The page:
It's Monday! Thought I'd start the week off with a boring physics lesson. Why not? Physics is an integral part of photography's art.
Light is a naturally occurring, transverse, electromagnetic wave that can be seen by humans and other species.
Light is produced two ways: 1) Incandescence, i.e., the emission of light from "hot" matter and 2) Luminescence, that is, the emission of light when excited electrons fall to lower energy levels. (Luminescent light occurs in matter that may or may not be "hot.")
Light is fast. Real fast! Galileo tried to figure out the speed of light but couldn't: "I have tried the experiment only at a short distance, less than a mile, from which I have not been able to ascertain with certainty whether the appearance of the opposite light was instantaneous or not; but if not instantaneous it is extraordinarily rapid."
We now know, of course, that light travels at 299,792,458 meters per second. (In a vacuum.) For all intents and purposes, leastwise for most people's photography, it might as well be instantaneous.
Intensity is the absolute measure of a light wave's power density. Brightness is the relative intensity as perceived by the average human eye.
Most light is polychromatic. There are exceptions. A laser, for example, can effectively produce monochromatic light.
There are many forms of light, e.g., infra-red, ultra-violet, but for our purposes visible light is the most important. It's how we see. It's what we capture and record on film or sensors.
It's fortunate the kind of photography most of us pursue, infra-red shooters aside, utilizes visible light. Yep! That's a good thing. It enables us to see what we're capturing or recording. BTW, we don't actually "capture" the light. We record it as it reflects and then interacts with various mediums like film emulsions or digital sensors.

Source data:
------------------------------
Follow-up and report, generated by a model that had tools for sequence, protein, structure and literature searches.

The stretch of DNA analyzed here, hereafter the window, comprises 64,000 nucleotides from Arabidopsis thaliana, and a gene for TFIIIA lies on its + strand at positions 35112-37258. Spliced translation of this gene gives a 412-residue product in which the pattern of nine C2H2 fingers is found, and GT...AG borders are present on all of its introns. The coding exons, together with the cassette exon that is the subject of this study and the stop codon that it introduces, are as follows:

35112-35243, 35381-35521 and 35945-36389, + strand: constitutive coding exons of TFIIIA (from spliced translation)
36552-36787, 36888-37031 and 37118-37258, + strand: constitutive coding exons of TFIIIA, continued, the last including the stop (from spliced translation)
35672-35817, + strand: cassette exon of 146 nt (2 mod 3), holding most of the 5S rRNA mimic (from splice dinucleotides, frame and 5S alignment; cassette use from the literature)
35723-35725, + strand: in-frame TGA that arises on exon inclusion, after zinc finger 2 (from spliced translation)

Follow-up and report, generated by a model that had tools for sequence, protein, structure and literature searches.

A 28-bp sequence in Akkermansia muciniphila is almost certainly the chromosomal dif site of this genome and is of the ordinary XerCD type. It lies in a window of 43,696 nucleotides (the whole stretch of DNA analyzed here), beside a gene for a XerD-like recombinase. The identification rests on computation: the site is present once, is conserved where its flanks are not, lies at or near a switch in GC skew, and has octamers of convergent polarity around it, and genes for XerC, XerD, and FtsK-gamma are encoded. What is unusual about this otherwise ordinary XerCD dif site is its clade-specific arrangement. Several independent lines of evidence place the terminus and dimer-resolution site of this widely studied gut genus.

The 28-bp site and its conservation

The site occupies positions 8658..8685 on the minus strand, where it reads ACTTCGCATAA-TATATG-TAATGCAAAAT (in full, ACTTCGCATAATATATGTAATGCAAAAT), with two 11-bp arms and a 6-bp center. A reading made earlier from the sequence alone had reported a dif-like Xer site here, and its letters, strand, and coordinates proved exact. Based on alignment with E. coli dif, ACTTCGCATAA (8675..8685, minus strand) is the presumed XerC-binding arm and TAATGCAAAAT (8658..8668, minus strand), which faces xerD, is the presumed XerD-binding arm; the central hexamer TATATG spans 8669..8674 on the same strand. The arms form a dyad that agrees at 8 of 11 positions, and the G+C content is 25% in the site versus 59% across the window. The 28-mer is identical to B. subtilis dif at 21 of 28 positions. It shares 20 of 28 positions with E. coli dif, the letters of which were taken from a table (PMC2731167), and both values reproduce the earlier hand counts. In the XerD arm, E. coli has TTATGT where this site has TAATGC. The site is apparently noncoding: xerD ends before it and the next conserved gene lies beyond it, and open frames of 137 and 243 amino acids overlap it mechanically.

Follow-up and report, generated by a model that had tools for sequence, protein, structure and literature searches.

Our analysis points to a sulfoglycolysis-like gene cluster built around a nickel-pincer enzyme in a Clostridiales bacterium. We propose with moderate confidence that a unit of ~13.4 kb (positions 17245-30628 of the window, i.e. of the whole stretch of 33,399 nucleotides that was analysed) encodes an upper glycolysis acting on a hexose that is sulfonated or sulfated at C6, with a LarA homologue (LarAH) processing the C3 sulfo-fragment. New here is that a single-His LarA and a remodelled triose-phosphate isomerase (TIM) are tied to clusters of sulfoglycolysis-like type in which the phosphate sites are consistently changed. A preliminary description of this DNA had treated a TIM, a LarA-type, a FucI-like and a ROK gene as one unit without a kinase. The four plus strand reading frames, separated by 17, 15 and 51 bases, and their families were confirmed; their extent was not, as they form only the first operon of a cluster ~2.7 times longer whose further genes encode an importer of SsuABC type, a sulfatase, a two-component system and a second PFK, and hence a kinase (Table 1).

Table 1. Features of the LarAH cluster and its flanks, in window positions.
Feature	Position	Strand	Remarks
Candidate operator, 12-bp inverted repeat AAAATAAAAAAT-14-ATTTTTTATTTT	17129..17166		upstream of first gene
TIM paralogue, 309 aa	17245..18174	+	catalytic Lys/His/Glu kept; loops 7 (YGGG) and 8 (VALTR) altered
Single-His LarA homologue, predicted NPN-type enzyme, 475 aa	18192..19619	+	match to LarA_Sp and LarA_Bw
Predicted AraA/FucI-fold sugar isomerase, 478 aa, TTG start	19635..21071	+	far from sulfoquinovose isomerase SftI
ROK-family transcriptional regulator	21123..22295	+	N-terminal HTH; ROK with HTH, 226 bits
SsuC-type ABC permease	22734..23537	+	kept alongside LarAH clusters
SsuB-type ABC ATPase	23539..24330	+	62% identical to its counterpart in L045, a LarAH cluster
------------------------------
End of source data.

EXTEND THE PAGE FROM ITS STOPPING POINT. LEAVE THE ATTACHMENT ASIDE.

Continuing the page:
As photographers, we manipulate light. We exploit it. We reflect it, diffuse it, and block it. We do this whether it's artificial light (technically, a contradiction in terms) or natural light.
When shooting using natural light, we look for places to shoot where the natural light, the light coming from our sun, is reflected, diffused, or blocked by things in our shooting environments and in ways that enhance, or make pretty, the light falling on our subjects and reflecting back on our recording mediums. We sometimes prefer to shoot when the light is angled or modified in aesthetically pleasing ways: Golden Hour and early morning sunlight are two such examples.
Also as photographers, we need to be observant, critical, examiners of light. To borrow from the religious-minded, we need to "see the light." I know that sounds overly simple and a somewhat redundant phrase. After all, if it weren't for light, we would not see anything at all. Still, far too many photographers don't seem to see the light, the good light, the best light, the cool light. I sometimes wonder if some photographers spend much time at all searching for it?
While it may seem that light is light, all light is not created equal. Leastwise, it doesn't appear equal. It certainly doesn't reflect and refract in equal ways. When it comes to photography, there is some light that is better than other light. Often times, far better.
Again, this stuff all sounds so simple.
But maybe it's not?
While this update might include more than you ever wanted to know about light, you are, as photographers, artists who use light instead of paint, pencil, chalk or pen. I think the more you know about light the better you can become as a light-painter, that is, the better you can become as a photographer.
The gratuitous eye candy at the top is Tori. Who knew a simple lesson in physics might also include a picture of a hot, sexy, half-naked babe? Betcha they didn't use visual aids like that one when you were in a high school or college physics class.